By Greta Guest
RISMEDIA, May 19, 2008-(MCT)-Newlyweds Tracie and Jeremy Moy were outgrowing their West Bloomfield, Mich., condominium and dreaming of buying a new house last year.
Seven months after putting it on the market with scant interest from buyers, the Moys knew they needed another option.
They found out about the Forte Group in Birmingham, Mich. The company works with builders in the area to move inventory by purchasing the buyer’s existing home for 90% of the appraised value.
The Forte Group organized in 2006 to capitalize on the huge oversupply of homes on the market. At the end of 2007, there were 40,298 houses on the market in nearby counties. That represents a 17.4-month supply at the current sales pace, nearly double the 9.6-month national supply.
The Moys bought a new four-bedroom, 2,300-square-foot home in Novi, Mich. Their condo sold in two weeks, and Forte Group put them up at no cost in another condo until their house was built.
“If it wasn’t for Forte Group, absolutely we would still be in the condo,” Tracie Moy said. “We didn’t make any money on our condo, but we didn’t lose any either.”
The purchase prices Forte Group make may surprise potential homeowners, but they are made after a thorough review similar to what a bank looks at, said President Chris Forte.
Forte looks at foreclosures, what similar homes nearby have sold for, what is on the market that isn’t selling and does its own appraisal of the home.
“We are trying to give fair value of what the market will pay,” said Joshua Britton, Forte’s partner. “There are a lot of people in this market who are stuck. But there are a lot who aren’t.”
Forte works primarily with people moving up from a starter home and empty nesters looking to buy in the $250,000-$400,000 price range.
They accept just one out of eight applications because the owner isn’t ready to accept a price lower than anticipated, or he or she owes too much on the house.
Forte has completed 30 deals and has just secured private financing to do more. The firm is working with several builders.
Phil Upland, owner of Upland Development in Rochester, Mich., started working with Forte Group last year to sell some homes.
As of last month, one had sold, and he still had six speculation houses-homes built with no committed buyer-to go with about 60 more home sites to develop there.
“It’s a means of getting someone into a new home where they might not have an opportunity otherwise,” Upland said.
If they cannot quickly sell a home they buy, Forte would fashion a lease-to-own deal.
But the money isn’t in selling the houses, and they sell many at a loss to control inventory. Builders pay their fees ranging from 12.5% to 15% on the purchase price of the new home.
“We usually sell the house at a loss,” Britton said. “You can either sell a house for a gain or you can sell a house fast, but you can’t do both.”
Trade & Trade Up in Washington Township, Mich., works with Lombardo Homes and Centex Homes to get buyers to move up from manufactured homes to their subdivisions.
The houses range in price from $120,000 to $300,000, said Sal Pianello, sales and marketing manager for the company that formed a year ago.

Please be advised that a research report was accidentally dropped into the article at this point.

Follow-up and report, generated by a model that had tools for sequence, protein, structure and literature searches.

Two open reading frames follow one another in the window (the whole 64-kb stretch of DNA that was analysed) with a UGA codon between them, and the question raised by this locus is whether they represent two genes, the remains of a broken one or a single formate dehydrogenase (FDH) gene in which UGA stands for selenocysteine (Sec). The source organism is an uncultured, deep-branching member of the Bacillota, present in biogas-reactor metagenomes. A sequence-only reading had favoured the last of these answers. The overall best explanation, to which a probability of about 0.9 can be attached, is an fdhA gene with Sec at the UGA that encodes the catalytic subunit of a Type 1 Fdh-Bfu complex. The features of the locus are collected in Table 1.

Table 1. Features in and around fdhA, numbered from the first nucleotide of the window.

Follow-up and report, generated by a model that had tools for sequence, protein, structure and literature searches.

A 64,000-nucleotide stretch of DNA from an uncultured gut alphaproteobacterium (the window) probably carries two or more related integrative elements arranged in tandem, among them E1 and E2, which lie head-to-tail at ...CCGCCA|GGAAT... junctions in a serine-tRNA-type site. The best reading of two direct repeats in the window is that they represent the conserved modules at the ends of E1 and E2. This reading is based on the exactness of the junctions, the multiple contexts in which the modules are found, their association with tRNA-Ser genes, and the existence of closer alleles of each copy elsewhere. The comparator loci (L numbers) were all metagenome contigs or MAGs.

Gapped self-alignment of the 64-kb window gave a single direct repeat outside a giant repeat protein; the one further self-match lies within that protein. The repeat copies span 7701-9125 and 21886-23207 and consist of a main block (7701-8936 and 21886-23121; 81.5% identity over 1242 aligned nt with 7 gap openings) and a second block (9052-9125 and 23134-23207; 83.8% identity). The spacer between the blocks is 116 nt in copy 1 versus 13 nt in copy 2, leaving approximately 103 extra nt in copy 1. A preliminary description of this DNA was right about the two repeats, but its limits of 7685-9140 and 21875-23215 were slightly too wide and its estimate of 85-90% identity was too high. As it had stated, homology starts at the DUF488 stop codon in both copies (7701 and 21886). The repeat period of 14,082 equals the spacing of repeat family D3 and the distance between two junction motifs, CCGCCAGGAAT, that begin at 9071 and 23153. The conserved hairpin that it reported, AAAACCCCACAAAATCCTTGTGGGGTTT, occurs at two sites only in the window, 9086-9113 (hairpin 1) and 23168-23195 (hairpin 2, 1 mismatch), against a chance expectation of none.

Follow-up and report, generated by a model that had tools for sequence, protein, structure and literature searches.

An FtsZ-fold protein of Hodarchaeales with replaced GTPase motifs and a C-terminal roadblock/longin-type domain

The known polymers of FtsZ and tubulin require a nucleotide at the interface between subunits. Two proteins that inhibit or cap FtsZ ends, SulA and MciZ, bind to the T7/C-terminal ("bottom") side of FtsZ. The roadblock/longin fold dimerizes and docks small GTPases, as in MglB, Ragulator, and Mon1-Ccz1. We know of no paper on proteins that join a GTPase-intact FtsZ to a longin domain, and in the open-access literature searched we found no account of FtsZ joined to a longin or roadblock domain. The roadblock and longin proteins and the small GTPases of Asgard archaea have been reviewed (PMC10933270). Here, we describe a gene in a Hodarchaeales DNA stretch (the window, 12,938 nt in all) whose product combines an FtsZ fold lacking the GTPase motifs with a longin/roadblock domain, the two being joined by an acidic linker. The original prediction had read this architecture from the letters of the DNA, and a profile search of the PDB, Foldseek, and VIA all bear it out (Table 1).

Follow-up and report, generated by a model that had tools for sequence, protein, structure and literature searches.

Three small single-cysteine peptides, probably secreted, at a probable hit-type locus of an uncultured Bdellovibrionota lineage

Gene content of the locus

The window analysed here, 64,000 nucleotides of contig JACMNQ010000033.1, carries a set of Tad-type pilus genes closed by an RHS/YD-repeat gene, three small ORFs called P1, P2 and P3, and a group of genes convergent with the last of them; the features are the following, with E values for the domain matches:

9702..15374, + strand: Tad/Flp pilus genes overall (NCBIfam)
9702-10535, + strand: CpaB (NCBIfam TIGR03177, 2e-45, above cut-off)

“We hope to generate 250 to 275 sales this year,” Pianello said. “With a manufactured home, it is an untapped market, and people don’t owe $200,000 on their home.”
The company was formed by Lombardo Homes about six months before it became a separate company, he said.
Lombardo, like some builders, has its own program to buy a customer’s existing home.
Marketplace Homes LLC, also in Birmingham, Mich., started in 2002 and began operations with a rent-to-own program and that changed when the real estate bubble burst.
“Now the market has shifted, and people can’t get rid of their homes. They are competing against banks that are dropping the prices,” said Skip Chelton, the company’s vice president. “It is a terrible time to sell in Michigan. Conversely, it is a terrific time to buy.”
Marketplace’s buyout program includes a guaranteed three-year lease so the customer can purchase a new home, knowing that the old home will generate income to pay the mortgage and expenses until it sells.
The company purchased or leased more than 40 homes and generated more than $10 million in new construction sales for builders last year. It works with more than 100 communities in southeast Michigan, including those developed by Winnick Homes and Pinnacle Homes.
Chelton said the company also has an exclusive agreement with Keller Williams Realty. The homes are generally leased for corporate relocations, he said.
The National Association of Realtors forecast last month that home sales would begin recovering in the summer and inventories will start dropping.
“We’re looking for essentially stable sales in the near term before higher loan limits translate into more sales in high-cost markets,” said Lawrence Yun, the association’s chief economist. “The wider access to affordable credit should increase sales activity notably this summer as pent-up demand begins to be met.”
At the end of February, there were 4.03 million existing homes for sale nationwide, or a 9.6-month supply at the current sales pace. And there were 471,000 new homes on the market at the end of February, or about a 9.8-month supply.
Yun predicts that new-home sales will fall 25.7% to 576,000 in 2008 and then rise 4.6% to 602,000 next year. Existing home sales are forecast to hit 5.39 million for 2008 and then rise by 6.6% to 5.74 million in 2009.
© 2008, Detroit Free Press.
Distributed by McClatchy-Tribune Information Services.
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